Should I stay or should I go?

confused man

Insert white hair here.

I’m in a bit of a conundrum, here; so I thought I’d just write out what I’m conundrumming about, to see if it’ll help me un-conun… dr… um…

Basically, I’m trying to decide whether to attend the 1-day UpublishU conference at the BEA Book Expo at the end of May.  And right now, I’m having a very hard time justifying the trip. Continue reading

Facebook: 10.4 percent of nothing


Let’s see… 10.4% of nothing is…

An article on Saturday’s Mashable illustrates the relative amount of traffic driven to publishers from various methods of social media, and makes it clear that Facebook sends more customers to publishers than any other social media combined.

Editor Neil Marr went so far as to say to his Facebook followers: “Trying to sell your book? Seems you’re at the right place.”

But once again, I’m presented with the incredible dichotomy between the realities for mainstream publishers and the realities for self-publishers… most notably, myself. Continue reading

The lysine contingency


blue pillIn Jurassic Park, when it looked like the park was about to go tits-up with rampaging loose dinosaurs, Mr. Hammond asked his game warden: “Mr. Muldoon, would you please prepare the lysine contingency?”  That was the plan that would starve the dinos of lysine, a genetically-engineered requirement to be delivered through their food, thereby killing them off, and saving everyone’s necks.

Well, if my novel-writing sideline doesn’t work out, it will be time for a lysine contingency of my own.  (Oh, don’t worry… there’s always the second island.)  I’ll be weaning myself off of the writing and promotional part of my life, which has proven over ten years to be a substantial failure, and moving on to something new (probably something that doesn’t depend on pleasing other people). Continue reading

Encouragement and Zen


Steven Lyle JordanI recently heard from a producer with whom I’m collaborating on a possible television vehicle, who told me he’d heard from an actress who had been a major character in the original production that inspired this new vehicle—and yes, that’s all you’re getting from me, as the project is still in stealth mode.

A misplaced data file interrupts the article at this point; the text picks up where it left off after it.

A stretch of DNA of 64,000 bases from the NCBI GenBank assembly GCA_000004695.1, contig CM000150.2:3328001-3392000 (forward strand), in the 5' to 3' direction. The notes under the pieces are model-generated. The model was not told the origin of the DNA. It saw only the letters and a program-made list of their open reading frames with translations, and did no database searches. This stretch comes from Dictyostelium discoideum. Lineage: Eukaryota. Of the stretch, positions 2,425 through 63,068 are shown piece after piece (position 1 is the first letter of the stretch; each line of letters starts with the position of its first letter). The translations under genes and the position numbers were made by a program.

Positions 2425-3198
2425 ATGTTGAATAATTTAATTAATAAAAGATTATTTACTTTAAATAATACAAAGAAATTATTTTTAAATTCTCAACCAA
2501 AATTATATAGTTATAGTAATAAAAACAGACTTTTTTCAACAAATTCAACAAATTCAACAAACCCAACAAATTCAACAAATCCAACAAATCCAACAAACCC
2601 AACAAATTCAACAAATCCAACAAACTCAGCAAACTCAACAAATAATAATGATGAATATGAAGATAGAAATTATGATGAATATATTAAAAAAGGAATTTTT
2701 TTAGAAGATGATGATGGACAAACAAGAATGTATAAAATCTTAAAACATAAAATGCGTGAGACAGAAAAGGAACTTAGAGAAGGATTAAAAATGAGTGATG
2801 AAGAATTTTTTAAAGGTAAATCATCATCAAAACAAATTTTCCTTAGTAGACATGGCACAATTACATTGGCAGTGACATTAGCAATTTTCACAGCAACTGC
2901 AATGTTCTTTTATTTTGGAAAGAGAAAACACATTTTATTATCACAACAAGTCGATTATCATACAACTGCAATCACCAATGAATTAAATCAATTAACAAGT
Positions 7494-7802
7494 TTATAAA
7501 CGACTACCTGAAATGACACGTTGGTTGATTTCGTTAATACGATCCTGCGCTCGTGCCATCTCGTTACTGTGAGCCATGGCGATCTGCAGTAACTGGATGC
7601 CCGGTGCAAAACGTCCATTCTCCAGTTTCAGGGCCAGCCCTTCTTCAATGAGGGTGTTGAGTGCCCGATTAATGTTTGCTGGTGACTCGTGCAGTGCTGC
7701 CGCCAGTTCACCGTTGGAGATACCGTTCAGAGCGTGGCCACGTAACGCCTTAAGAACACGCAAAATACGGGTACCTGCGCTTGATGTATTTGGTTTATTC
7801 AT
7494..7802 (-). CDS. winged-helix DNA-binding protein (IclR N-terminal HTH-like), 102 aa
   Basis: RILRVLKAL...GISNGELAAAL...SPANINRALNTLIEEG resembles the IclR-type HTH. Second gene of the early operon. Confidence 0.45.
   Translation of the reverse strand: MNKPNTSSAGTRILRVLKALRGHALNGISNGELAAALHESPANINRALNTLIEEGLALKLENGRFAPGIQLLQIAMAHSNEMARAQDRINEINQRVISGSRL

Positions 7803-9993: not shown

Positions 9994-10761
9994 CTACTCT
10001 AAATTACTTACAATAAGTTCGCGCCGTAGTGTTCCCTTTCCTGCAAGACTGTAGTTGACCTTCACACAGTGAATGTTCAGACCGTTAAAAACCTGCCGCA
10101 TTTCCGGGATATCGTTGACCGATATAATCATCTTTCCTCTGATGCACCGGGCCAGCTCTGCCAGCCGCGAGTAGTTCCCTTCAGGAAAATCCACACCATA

Anyway, this actress—I’ll call her M—had a chance to read through the material we’re preparing for the new vehicle, including two short stories of mine, and she reported back to my producer friend that she was left “in tears” over the wonderful treatments and ideas gleaned from the original production, of which she still has very fond memories.  M specifically mentioned my short stories as being among the most moving material she saw. Continue reading

What do readers owe authors?


Steven Lyle JordanMy recent efforts to figure out the future of my perennially zombie-fied writing sideline has naturally led to a lot of questions for myself, trying to justify my actions as an author, a promoter and an entrepreneur.  Front and center to these questions has been the role of social media to promote and sell my products, and attempts to better understand what works and why.

In my searches to better understand, I came across an old TeleRead article by Joanna Cabot, entitled “What do readers owe authors?”  The article investigates the idea that readers are encouraged by authors to help promote them, largely by utilizing the social media tools at their disposal—blogs, review columns, Facebook, Twitter, email, etc—and that doing so helps the authors to continue to produce for them. Continue reading

Announcement: Right Brane is now mobile.


Right Brane logoAnnouncing the official unveiling of the Right Brane mobile website!

Yes, now has a mobile component, and anyone going to the RightBrane site from a smartphone or other portable device should be taken directly to our mobile pages.  Designed and produced (by me) to facilitate ease of use on small devices, the mobile site includes all of my novels and free content, information about the books, and the same multiple ebook formats and easy buying methods as before.

As the mobile site is just opening, I may be tweaking it further as time goes by, and especially if I get any comments as to its functionability.  It does not have all of the pages that the full site carries, but there are links taking you back to the full site if you need that info.